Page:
Jane Austen's Pride and Prejudice (1813) is a novel containing heavy ironies and it is peppered with ideological arguments. In its moral concerns, Pride and Prejudice has many affinities with 18th century literature, which valued reason, order and common sense, and liked to laugh at the folly of those who did not aspire to these values. However in this novel Austen also explores the ironies of society and the fickleness of public opinion, and she accomplishes this by using an ironic narrator, and ironic characters. In doing this she allows her characters to say one thing whilst meaning another as well as allowing them to stand away from situations to offer judgement on them. Austen allows us to see things from several points of view. However this means as readers we should be on our guard to pick up the ironies, or else we may miss the point, and at times we need to know something that lies outside the immediate sentence in order to understand what is meant.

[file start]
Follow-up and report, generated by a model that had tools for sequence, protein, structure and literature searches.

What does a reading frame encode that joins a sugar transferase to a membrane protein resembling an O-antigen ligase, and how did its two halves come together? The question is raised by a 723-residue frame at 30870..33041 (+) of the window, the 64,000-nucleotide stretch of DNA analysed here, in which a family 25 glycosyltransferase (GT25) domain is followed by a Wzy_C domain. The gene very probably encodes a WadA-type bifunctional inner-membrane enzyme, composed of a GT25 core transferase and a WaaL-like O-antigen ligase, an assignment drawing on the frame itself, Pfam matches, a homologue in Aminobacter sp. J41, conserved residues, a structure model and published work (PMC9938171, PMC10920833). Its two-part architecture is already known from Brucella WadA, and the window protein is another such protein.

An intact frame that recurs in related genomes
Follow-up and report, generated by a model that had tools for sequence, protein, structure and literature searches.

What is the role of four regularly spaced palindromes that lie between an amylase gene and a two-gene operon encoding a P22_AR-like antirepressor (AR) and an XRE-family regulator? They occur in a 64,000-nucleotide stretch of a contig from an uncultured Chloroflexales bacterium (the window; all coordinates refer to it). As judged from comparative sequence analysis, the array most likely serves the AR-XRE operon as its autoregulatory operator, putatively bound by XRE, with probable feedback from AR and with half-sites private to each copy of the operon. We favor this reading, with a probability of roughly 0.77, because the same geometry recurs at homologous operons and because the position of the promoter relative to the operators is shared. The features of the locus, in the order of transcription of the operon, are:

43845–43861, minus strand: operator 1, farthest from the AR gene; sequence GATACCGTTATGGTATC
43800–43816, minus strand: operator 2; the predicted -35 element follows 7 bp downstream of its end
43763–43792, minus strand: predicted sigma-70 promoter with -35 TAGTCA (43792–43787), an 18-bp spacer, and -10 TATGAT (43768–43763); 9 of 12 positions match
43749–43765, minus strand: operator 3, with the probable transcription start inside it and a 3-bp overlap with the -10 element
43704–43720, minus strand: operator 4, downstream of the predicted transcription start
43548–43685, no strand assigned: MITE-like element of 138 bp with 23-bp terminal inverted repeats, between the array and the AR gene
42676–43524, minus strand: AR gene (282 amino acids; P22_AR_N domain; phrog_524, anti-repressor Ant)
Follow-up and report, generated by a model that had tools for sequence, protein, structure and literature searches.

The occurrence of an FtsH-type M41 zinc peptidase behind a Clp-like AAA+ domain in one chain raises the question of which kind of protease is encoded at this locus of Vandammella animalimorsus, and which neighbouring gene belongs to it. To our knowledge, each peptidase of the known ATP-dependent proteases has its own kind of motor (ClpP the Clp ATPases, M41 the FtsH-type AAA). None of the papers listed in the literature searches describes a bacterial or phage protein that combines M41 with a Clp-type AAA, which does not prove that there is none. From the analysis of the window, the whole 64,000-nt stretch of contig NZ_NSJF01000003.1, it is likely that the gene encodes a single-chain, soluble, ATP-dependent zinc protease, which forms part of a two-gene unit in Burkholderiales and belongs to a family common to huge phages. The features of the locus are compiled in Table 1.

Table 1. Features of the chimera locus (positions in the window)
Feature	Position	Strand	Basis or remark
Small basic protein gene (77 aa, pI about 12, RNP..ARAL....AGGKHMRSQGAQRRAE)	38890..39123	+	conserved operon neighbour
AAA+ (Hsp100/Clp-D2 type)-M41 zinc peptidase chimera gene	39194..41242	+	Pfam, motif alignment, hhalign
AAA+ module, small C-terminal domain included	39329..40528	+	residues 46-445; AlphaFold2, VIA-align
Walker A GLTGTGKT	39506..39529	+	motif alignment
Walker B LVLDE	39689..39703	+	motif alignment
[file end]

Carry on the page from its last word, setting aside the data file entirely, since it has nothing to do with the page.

Austen also allows for dramatic irony in her novel, giving the reader and indeed other characters insight into the future whilst others are left in the dark.
The irony in Pride and Prejudice becomes apparent from as early as the first page. Austen begins the novel with what seems to be aphorism: that it is a universal truth that 'a single man in possession of good fortune must be want of a wife' and here she expresses her first ironic statement on the theme of the novel. The universal truth, 'fortune and wife' is reduced to the principles of a neighbourhood and their wish for their daughters to wed a wealthy man.
Another irony on the theme of the novel can be seen in Mrs Bennet's plan to send her daughter...